Steve Jobs says Android/Google won't keep up

Discussion in 'Non-Android Smart Phones' started by p1ngputts, Feb 1, 2010.

  1. NVash

    NVash Member

    Joined:
    Nov 20, 2009
    Messages:
    496
    Likes Received:
    0
    Trophy Points:
    16
    Ratings:
    +0
    I want a Kindle, Ill admit it, but fact is the books on there are too daggone expensive and its STILL not in color. How long has the thing been out now? Cmon now, this is ridiculous. I dont care about the E-ink and all that other stuff, all I know is the Nook just came out and its in color. You can 'lend' your friend a book up to three weeks, that kinda thing is what sold the Nook to me immediately. I havent bought one, however, Im sticking with my iTouch and Droid EBook readers. But if I ever upgrade the Nook is looking real good. And the book pricing, Ive read many complaints on the Amazon board about that. Think they said that you can actually go out and buy the actual book cheaper than the EBook version. What kind of mess is that? Not to mention it cant read PDF or LIT, IIRC, so its useless to me.
     
  2. JFDroid

    JFDroid Member

    Joined:
    Oct 31, 2009
    Messages:
    226
    Likes Received:
    0
    Trophy Points:
    16
    Location:
    Ohio
    Ratings:
    +0
    This is really sad.

    Maybe, just maybe, the iPad won't sell like crazy and the higher prices won't make up for lower volume of sales for these publishers, and they will court Amazon and come back and lower prices.

    I doubt it, because people are sheep and love anything Apple creates, but in my dreams this might happen. Ha.
     
  3. hazydave

    hazydave Member

    Joined:
    Nov 9, 2009
    Messages:
    78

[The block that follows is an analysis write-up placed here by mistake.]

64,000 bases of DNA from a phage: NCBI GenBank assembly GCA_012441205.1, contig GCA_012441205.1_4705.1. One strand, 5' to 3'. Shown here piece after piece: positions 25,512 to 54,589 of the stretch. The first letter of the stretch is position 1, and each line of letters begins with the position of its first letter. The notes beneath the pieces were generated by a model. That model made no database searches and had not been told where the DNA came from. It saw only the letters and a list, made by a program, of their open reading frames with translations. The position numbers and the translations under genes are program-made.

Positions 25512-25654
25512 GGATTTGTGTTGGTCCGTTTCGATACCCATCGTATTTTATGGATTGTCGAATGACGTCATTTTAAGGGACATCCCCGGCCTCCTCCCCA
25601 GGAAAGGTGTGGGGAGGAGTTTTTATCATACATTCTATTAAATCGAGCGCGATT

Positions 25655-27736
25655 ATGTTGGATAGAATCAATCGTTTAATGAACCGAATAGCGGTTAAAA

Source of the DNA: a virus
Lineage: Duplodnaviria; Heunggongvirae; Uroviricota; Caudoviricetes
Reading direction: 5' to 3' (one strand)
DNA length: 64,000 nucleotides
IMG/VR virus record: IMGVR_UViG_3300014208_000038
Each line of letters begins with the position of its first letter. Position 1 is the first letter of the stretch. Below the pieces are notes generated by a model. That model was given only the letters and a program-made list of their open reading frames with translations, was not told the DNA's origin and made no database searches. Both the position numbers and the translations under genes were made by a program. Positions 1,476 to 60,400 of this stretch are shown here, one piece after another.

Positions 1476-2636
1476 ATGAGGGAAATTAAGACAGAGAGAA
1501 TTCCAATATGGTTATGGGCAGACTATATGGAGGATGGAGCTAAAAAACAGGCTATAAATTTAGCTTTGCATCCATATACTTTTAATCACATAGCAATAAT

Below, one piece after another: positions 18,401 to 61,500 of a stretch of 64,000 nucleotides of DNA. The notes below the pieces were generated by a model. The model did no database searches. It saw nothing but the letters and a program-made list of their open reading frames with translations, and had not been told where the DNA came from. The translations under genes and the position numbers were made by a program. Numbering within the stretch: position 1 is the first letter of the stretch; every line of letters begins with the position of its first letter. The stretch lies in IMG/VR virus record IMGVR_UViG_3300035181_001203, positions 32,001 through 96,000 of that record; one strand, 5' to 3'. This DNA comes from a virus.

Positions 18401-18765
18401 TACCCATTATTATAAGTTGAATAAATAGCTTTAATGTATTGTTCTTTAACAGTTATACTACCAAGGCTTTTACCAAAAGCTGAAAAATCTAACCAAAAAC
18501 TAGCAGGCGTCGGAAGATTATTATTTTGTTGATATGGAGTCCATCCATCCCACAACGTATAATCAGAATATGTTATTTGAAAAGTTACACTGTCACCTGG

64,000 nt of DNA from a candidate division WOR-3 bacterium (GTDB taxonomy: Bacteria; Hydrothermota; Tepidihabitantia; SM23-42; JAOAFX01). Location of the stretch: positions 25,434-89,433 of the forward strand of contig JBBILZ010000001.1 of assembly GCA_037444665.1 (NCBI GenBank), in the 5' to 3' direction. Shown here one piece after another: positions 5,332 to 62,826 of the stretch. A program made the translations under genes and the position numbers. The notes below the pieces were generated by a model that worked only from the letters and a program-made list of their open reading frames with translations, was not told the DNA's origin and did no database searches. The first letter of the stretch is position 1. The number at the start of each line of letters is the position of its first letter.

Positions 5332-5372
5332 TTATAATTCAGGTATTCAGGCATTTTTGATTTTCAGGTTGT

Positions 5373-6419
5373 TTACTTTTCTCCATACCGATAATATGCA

Likes Received:
    0
    Trophy Points:
    6
    Location:
    South Jersey
    Ratings:
    +0
    Ah... yeah... um

    Yeah, right. Apple has shown, for so many years, that they are perfectly capable of competing with the whole of the PC industry on desktops. That's why they're beating down Microsoft so much.

    Oh wait.. that didn't happen. Macs have done better lately in the USA, but they're still only about 5% of the global installed base of personal computers.

    So now, we have virtually every other smart phone company other than RIM, Apple, and Palm doing something with Android. Even Noika, the current market leader in smart phones internationally (last year, they sold about 4x as many as Apple), is playing with Android, though right now, only on tablets... but hey, they're already doing Linux. They could easily sell a device that offers the customer a choice between Maemo and Android. But I digress...

    Apple will fail for many reasons, but here's one simple one. Android smartphone are already going out at $50 out-of-pocket on special deals. This is saving cell phone companies huge cash -- on the low end, it's the lack of a need to pay licensing fees... Android is already the #2 Applications Smartphone. So the price drops to a place Apple will NEVER go. On the high-end, there are already multiple Android phones outperforming the iPhone on just about any benchmark you'd care to name. That's not just a momentary thing, that's an nonlinear trend. Android will not just remain better, it'll get progressively better still, HW and SW. And Apple can't do a bloody thing to stop it, even given their crazy cash reserves.

    RIM's the one to suffer first. If I were running RIM, I'd at the very least have all of my enterprise phone software ported to Android ASAP. That's the thing with RIM... no one ever bought a Blackberry for its OS, or for its consumer-level features. With rare exception, they got a BlackBerry because their company loved the say a single admin at one's company can set policies and all sorts of restrictions and requirements on everyone's BlackBerry, all at once. Well, that, and, like Palm, they were one of the first companies making phones that did texting well.

    But put the RIM enterprise hooks into a custom RIM version of Android, and they leave behind the bad things about BlackBerries, while moving what the do well forward.